The biggest agricultural disaster this year is not some sort of crop failure. It is the farm bill expected to be served up soon in Congress. House and Senate negotiators have been hammering out a “compromise” bill for weeks. Unfortunately, those familiar with the discussions report that the final bill will likely fail on three key counts. First, it will not rein in excessive farm subsidy programs. Second, it will not reform the food stamp program in any meaningful way. Third, it will not to repeal the federal rule that allows the government to regulate almost any waterway in America, including “waters” that are dry land practically every day of the year.
Agricultural subsidies that allegedly help farmers manage risk cost taxpayers about $15 billion a year, even though most farmers receive little to no subsidies. Most farmers generally receive aid only when they actually need assistance due to a disaster of some kind. But the bulk of the real money goes elsewhere to a small number of agricultural producers growing a small number of commodities. According to the Congressional Research Service, an astonishing 94 percent of farm program support goes to just six commodities. Those are corn, cotton, peanuts, rice, soybeans, and wheat. These commodities account for just 28 percent of total farm receipts. But these favored farms that produce them rake in billions of dollars through multiple subsidy programs.
Though often called “safety net” programs, most of the money is used primarily to help the recipients meet revenue targets, not to deal with actual crop losses. This is not a safety net. It is a massive social welfare program. Despite myths to the contrary, this inappropriate corporate welfare goes primarily to wealthy large agricultural producers, not to small family farms. There are organizations across the ideological spectrum that have been trying to promote modest reforms to this out of control handout system. Unfortunately, House and Senate leaders created a very closed process when debating their farm bills over the years, ensuring that any common sense amendments could not get enacted.
The negotiated farm bill is expected not just to reject important and widely supported reforms, it may actually make things worse. Should farm subsidies go to individuals who, by any reasonable definition, are not farmers? Of course not. The Senate farm bill would have tried to close a loophole that makes such an abuse possible. The compromise bill, however, is thought to adopt the House language that would actually expand this loophole, making it possible for more family members not in farming to receive subsidies, specifically cousins, nephews, and nieces.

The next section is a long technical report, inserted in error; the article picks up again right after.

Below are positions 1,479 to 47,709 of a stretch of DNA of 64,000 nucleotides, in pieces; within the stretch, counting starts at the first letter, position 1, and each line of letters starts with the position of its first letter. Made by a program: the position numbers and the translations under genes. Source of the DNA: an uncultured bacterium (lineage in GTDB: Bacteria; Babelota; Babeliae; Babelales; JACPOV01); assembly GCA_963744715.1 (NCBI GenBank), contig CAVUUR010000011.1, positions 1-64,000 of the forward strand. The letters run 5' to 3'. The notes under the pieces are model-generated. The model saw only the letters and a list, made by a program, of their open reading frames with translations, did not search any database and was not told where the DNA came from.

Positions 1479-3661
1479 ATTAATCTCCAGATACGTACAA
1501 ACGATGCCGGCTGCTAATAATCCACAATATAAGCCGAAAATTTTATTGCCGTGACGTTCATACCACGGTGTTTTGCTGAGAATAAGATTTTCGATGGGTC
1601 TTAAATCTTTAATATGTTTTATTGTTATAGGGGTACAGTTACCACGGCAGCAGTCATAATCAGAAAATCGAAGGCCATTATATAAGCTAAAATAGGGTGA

As for addressing food stamps, the House had added a provision to strengthen work requirements for eligibility. Under its proposal, more beneficiaries who are capable of working would have been required to either work or prepare to get a job as a condition of continuing in the program. It seems reasonable, and after all, unemployment remains at its lowest point in nearly 50 years. Yet while unemployment is at 3.7 percent, the share of Americans still on food stamps hovers at 13 percent.
As the successful 1996 welfare reforms showed, work requirements help our welfare system achieve its goal of reducing poverty especially among children. Most Americans know this instinctively. Indeed, 92 percent support work requirements in the welfare system. Unfortunately, most members of the committee seem to have lost sight of this fact. They have reportedly dropped the work requirements passed by the House.
Perhaps the most inexplicable failure is resistance in the committee to repealing the federal clean water rule. This Obama era regulation declared that the government had the authority to regulate virtually every “water” you can think of, including even some types of manmade ditches. As you can imagine, this significant expansion of regulatory power has made it more difficult for real farmers to engage in normal farming activities.
The Trump administration is trying to get rid of this rule through the regulatory process, but legislation is needed to remove any obstacles in doing so. Legislation will also help ensure that such overreach does not occur again. Surely there is no vehicle more fitting than the farm bill to address what is arguably the biggest regulatory obstacle facing farmers. But the conferees seem to prefer punting to fixing the problem. Their deal reportedly includes no provision to eliminate the clean water rule.
As I write this, the final bill has not been released by the committee, so there is still a chance that the members will see their way to doing a lot better by farmers and by taxpayers. It is long past time that Congress address the egregious waste in the farm subsidy system, improve the efficacy of the food stamp program, and free farmers from having routine land use decisions be second guessed by Washington bureaucrats.
If the current Congress is unable work these broadly supported sensible reforms into the farm bill this year, lawmakers would do better to do what they did last year by simply extending the existing farm bill for another year. At least that would give the new Congress a chance to get reform right next year, instead of locking in bad policy for the next five years.
Kay Coles James is president of The Heritage Foundation.